JUiCE Los Angeles Hip-Hop

A Word (or two) from Editor Tess Taylor (NARIP)


The National Association of Record Industry Professionals, July 28, 2006

A Word (or two) from Editor Tess Taylor about J.U.I.C.E. (Justice by Uniting In Creative Energy)

JUiCE Los Angeles Hip-Hop

(L-R) Naddi Zschiesche of Stuttgarts Rap Present & Monica X. Delgado of LA's JUICE

So what is a classical music lover like me doing scooting around the grungy outskirts of Korea Town in Los Angeles on a sweltering midnight looking for a hip-hop event? I asked myself this same question, cursing quietly under my breath as I searched for the address on the dimly lit boulevard (why is it that builders insistently and maddeningly refrain from affixing street numbers to buildings?). And I wondered if the police car with flashing lights parked a hundred yards off was responding to a domestic violence call or other explosive incident into which I could get myself entangled. Lovely. But when I got out of my car to investigate on foot to find the venue, the beats I heard in the distance guided me to the right place.

What I found was a Unitarian church transformed into Hip Hop Central, with loads of mostly exuberant young men in their highly fashionable and expertly shredded threads against a backdrop of colorful fresh graffiti murals. I entered just as the young men (and a few courageous young ladies) were in the middle of a high-energy break dancing battle. Whatever you call doing Russian Cossack-style squat-leaps and hurling yourself into the air, landing on your head, striking fantastically complicated poses that seem to require rubber limbs, moving with robotic precision at hyper speeds and suspending the weight of your body in mid-air with your wrists, they were doing it. I was fascinated, these guys are talented. Cirque du Soleil could do with a bit of this.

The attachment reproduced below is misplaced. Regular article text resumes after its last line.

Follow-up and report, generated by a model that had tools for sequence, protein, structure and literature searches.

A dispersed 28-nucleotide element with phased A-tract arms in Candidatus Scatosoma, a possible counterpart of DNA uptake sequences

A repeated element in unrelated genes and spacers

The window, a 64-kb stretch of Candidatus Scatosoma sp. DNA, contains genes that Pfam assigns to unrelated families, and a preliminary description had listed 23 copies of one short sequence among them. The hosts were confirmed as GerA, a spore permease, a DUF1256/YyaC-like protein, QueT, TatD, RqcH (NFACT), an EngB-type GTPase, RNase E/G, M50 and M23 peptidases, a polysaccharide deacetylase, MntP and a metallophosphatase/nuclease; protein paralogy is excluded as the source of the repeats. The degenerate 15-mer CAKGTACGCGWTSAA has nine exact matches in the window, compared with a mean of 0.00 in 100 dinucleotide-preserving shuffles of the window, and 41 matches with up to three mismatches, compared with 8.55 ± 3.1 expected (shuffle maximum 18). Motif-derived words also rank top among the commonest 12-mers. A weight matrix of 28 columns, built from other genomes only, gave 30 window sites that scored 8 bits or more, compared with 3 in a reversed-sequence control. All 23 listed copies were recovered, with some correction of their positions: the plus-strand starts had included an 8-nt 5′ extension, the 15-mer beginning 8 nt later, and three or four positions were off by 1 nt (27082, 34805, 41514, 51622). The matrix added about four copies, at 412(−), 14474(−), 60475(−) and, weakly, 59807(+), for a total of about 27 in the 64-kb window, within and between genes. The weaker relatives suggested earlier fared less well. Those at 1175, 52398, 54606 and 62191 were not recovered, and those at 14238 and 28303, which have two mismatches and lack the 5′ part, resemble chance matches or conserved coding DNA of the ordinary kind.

Intrigued by an announcement I received the day before, Id come to investigate the promise of the press release: German Youth in LA for Hip Hop Exchange. I chuckled, German hip-hoppers? Now that’s amusing, it seems like such an oxymoron. I was interested to see how this music form was being put to work by JUICE (Justice by Uniting In Creative Energy), an LA-based hip-hop focused community center which emerged from work with high-risk youth in shelters, schools and juvenile halls.

Hip-hop seems to have become a universal language, an updated dialect of the rock & roll language with which my generation used to infuriate our parents. But what I saw last night wasn’t a sharp-stick-in-the-eye provocative, it was a group of high-energy teens expressing themselves and having a great time doing it. The atmosphere was uplifting. How much better to have all this youthful energy put into something positive rather than lolling around detention centers and juvenile halls.

From what I can see, the origins of hip-hop have not always been positive but there appears to be a strong upward trend from the underground into the mainstream with messages to organize and uplift communities, to keep kids off the streets and out of gangs, and to speak up about social and political causes. I perceive a much stronger unifying element in hip-hop today than, say, 5 years ago. By whatever means awareness reaches them, it encourages me to see a greater level of it among the younger generation.

JUICE has been selected to participate in a Youth Urban Arts Exchange in Stuttgart, Germany this summer. Fifteen youth from JUICE Los Angeles will visit Stuttgart in August, while fourteen youth urban artists from German hip-hop organization Rap Present are in Los Angeles from July 18-30.